Be careful. not x is True when x is 0, not just when x is None.
count must have length (max value + 1) not max value
Be careful about arr and count and check the indices are matched up and in range
You can extend this implementation to negative numbers by finding the min and the max and mapping the values into the positive range.
Decrementing from the count array as you overwrite the input array is a little nicer than creating another counter integer.
Counting sort with negative numbers take some additional care (https://stackoverflow.com/questions/40476521/using-counting-sort-with-negative-values-descending-order)
def counting_sort(arr): max_value = None for i in range(len(arr)): if max_value is None or arr[i] > max_value: max_value = arr[i] count = *(max_value + 1) # Be careful about arr and count # and what i is an index to. for i in range(len(arr)): count[arr[i]] += 1 k = 0 for i in range(len(count)): while count[i] > 0: arr[k] = i count[i] -= 1 k += 1
The last part that converts the count array to the sorted array doesn’t work if
The elements have associated data that we want to copy along with the key.
The key (what we’re sorting by) is not the same as the data (as in radix sort).
An alternative for that last part that does work with radix sort is:
for i in range(1, len(count)): count[i] += count[i-1] output*len(arr) # Don't forget to go in reverse for i in range(len(arr)-1, -1, -1): # count[arr[i]-1 gives the index of output not arr output[count[arr[i]]-1] = arr[i] count[arr[i]] -= 1 for i in range(len(arr)): arr[i] = output[i]
arr.sort() is in-place. sorted(arr) returns sorted array but doesn’t change arr.
Best for uniformly sorted data
Either no. of buckets is given or pick len(arr) buckets. If the latter, won’t that mean 1 element in each bucket? No, because what element goes in each bucket depends on its value and we may get unlucky and only get very small values.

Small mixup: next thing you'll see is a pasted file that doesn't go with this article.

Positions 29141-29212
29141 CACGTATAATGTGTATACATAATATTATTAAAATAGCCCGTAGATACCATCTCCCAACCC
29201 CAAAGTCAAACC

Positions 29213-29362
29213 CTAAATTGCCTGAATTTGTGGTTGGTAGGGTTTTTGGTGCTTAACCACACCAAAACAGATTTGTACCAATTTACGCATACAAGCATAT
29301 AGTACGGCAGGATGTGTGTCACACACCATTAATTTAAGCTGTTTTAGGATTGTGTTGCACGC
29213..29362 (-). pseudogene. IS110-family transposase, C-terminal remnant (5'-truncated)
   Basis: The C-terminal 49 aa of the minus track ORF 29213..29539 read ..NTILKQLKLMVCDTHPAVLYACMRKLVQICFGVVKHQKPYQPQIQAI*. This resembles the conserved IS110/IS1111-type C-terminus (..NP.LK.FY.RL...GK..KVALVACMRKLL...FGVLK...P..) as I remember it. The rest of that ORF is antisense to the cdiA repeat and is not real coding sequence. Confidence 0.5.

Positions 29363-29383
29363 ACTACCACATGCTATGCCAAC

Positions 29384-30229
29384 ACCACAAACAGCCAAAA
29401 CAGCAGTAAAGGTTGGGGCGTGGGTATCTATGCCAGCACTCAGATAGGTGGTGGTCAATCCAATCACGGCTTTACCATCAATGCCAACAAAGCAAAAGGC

def bucket_sort(arr, k): buckets =  for _ in range(k): buckets.append() max_value = max(arr) for i in range(len(arr)): j = int((arr[i] / max_value) * (k - 1)) buckets[j].append(arr[i]) for j in range(len(buckets)): buckets[j].sort() k = 0 for i in range(len(buckets)): for j in range(len(buckets[i])): arr[k] = buckets[i][j] k += 1
When you have a very large number in your array, you can’t use counting sort, because of how large the array of counts would be. But you can still use radix sort.
In radix sort, you find the largest number in the array and you determine the place of its largest digit (1s or 10s or 100s, etc). Then you sort the whole array by the digit of each number in the 1s place. Then you sort the whole array by the digit of each number in the 10s place. And so on until you’ve sorted by the digit of each number in the place of the largest digit of the largest number in the array.
For sorting, you have to use a stable array, because otherwise the work you did to sort by digits in lower places would be erased.
Why not sort by the digits in the 1s place last? Then the array would not be sorted at the end.\newline
What stable sorting to use? A stable counting sort is one option. First, you populate the count array like in vanilla counting sort. Then, you replace the count array with the cumulative sum of the counts. The property of this array is that if \(c_i \ne 0\), then \(c_i - 1\) gives you an index where you should place \(a_i\) and \(c_i - 2\) gives you another index and so on until \(c_i = 0\).
0 0 1 0 2 0 0 0 1 1 3 3 x x x x
def counting_sort(arr, place): count = *10 for i in range(len(arr)): # Example: # 1024 = (1*1000 + 0*100 + 2*10 + 4*1) # 1024 // 100 = (1*100 + 0*1 + 0 + 0) # (arr[i] // place) zeroes out the lower placeholders # and makes the target placeholder the 1s place. # We just need to get the coefficient on the 1s place. # We can do that by taking the number mod 10. digit = (arr[i] // place) % 10 count[digit] += 1 for i in range(1, len(count)): count[i] += count[i-1] output = *len(arr) for i in range(len(arr)-1, -1, -1): digit = (arr[i] // place) % 10 # remember the index of count is a digit output[count[digit]-1] = arr[i] count[digit] -= 1 for i in range(len(output)): arr[i] = output[i] def radix(arr): # The max place across each number in the array # is equal to the max place of the max number # in the array. m = max(arr) place = 1 # Integer division divides and drops the remainder. # Example: # 1024 // 1 = 1024 # 1024 // 10 = 102 # 1024 // 100 = 10 # 1024 // 1000 = 1 # 1024 // 10000 = 0 while m // place != 0: counting_sort(arr, place) place *= 10